german worker and karl marx

german worker and karl marx - The Nineteenth Century German...

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The Nineteenth Century German Worker and Karl Marx Karl Marx, in his “Communist Manifesto,” describes the relationship between the bourgeoisie and the proletariat as “two great hostile camps.” 1 In late nineteenth century Germany, the bourgeois class underpaid, overworked, and exploited the proletariat class. Regardless of sex or age, the German worker often had to work around twelve hour a day. The workers were so underpaid that they had to send their children to work at a very early age in able to support the family. The working conditions in factories and mines were terrible and the workers were treated more like “instruments of labour” 2 than actual humans. In the “Communist Manifesto,” Karl Marx advices that the proletarians need to become unified and take control of society. They then should eliminate private property and the entire class system. 3 The German proletarian, as shown through autobiographies in Alfred Kelly’s The German Worker , have similar beliefs to Karl Marx but are not as extreme. The workers believe that they are being exploited by the bourgeoisie and that they must join unions to help bring an end to the exploitation. They do not, however, suggest the communist ideas Karl Marx presents in his “Communist Manifesto.” The late nineteenth century German proletariat worked in terrible conditions regardless of age or sex. In the Industrial Age, Karl Marx states that “differences of age and sex have no longer any distinctive social validity for the working class. All are 1 “Manifesto of the Communist Party,” http://www.marx.org/archive/marx/works/1848/communist- manifesto/index.htm (accessed on February 27, 2006). 2 “Manifesto of the Communist Party,” http://www.marx.org/archive/marx/works/1848/communist- manifesto/index.htm (accessed on February 27, 2006). 3 “Manifesto of the Communist Party,” http://www.marx.org/archive/marx/works/1848/communist- manifesto/index.htm (accessed on February 27, 2006).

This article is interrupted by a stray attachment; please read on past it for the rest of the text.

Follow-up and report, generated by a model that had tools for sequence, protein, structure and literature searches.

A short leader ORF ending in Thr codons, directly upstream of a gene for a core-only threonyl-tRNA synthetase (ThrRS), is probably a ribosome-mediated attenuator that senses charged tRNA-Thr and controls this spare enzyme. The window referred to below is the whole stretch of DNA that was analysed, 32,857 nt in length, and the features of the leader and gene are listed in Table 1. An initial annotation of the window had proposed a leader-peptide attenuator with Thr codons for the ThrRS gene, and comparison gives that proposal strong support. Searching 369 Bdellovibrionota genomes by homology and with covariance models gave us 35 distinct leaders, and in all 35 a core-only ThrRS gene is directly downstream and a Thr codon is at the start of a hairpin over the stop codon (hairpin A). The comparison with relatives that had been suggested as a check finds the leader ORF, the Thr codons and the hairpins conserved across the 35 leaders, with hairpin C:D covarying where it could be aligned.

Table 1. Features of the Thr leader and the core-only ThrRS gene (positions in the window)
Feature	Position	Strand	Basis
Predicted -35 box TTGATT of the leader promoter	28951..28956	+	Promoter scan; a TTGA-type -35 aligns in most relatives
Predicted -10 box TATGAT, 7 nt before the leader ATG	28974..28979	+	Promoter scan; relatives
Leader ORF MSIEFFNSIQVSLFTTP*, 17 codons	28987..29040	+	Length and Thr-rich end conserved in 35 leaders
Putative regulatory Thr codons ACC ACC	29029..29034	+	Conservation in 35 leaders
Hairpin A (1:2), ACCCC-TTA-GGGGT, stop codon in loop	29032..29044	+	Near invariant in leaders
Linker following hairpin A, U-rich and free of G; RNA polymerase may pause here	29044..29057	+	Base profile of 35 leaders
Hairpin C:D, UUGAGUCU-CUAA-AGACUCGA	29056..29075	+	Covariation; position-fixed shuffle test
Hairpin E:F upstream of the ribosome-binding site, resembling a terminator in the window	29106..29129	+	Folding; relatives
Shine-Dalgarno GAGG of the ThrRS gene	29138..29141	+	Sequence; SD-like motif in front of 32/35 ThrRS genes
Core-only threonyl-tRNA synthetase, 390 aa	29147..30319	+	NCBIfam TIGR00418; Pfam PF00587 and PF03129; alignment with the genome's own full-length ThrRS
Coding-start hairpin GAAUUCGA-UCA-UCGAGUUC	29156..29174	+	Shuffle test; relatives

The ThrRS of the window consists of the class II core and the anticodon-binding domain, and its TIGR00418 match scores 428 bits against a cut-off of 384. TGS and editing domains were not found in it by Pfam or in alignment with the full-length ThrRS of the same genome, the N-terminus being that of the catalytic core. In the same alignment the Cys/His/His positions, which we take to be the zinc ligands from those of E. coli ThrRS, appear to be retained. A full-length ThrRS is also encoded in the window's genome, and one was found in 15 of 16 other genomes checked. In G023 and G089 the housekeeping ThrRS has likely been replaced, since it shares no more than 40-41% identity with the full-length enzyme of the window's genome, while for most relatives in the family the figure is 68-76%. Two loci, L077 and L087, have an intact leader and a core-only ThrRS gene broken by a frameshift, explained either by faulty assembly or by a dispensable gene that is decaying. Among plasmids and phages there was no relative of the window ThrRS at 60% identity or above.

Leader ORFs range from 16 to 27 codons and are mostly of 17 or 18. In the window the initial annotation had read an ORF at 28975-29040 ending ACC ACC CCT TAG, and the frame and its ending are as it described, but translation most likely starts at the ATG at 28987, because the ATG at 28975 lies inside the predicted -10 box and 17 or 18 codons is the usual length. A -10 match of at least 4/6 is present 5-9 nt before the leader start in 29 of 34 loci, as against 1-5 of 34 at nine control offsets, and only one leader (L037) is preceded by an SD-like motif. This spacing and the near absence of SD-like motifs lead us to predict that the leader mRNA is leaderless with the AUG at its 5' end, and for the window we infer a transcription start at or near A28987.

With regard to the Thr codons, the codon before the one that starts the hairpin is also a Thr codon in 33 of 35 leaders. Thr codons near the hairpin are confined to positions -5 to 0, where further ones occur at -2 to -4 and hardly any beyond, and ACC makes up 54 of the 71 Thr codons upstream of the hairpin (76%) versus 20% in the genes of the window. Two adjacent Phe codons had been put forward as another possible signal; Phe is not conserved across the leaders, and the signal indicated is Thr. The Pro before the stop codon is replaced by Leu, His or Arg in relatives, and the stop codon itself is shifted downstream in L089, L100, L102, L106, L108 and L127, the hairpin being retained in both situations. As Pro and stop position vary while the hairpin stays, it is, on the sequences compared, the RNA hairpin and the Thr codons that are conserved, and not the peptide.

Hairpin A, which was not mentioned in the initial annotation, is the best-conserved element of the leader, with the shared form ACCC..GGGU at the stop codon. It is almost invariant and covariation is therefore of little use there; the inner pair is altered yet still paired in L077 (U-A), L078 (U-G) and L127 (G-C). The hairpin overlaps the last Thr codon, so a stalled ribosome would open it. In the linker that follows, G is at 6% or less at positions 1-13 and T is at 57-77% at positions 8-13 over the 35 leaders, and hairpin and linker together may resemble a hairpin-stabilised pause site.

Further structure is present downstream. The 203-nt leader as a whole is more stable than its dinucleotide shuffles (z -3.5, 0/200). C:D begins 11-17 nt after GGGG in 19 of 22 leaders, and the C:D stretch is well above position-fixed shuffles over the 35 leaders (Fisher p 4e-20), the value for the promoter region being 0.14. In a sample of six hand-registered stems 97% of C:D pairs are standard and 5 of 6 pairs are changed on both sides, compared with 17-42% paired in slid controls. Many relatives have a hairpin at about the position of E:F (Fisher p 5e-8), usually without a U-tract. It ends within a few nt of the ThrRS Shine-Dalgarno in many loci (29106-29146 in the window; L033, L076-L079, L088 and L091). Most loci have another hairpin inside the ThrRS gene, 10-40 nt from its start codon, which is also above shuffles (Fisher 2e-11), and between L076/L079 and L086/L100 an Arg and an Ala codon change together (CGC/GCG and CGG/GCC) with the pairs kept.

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instruments of labour, more or less expensive to use, according to their age and sex.” 4 In The German Worker , autobiographies from workers show that children had to work as early as seven years old 5 and were often required to work for at least twelve hours in a day. 6
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german worker and karl marx - The Nineteenth Century German...

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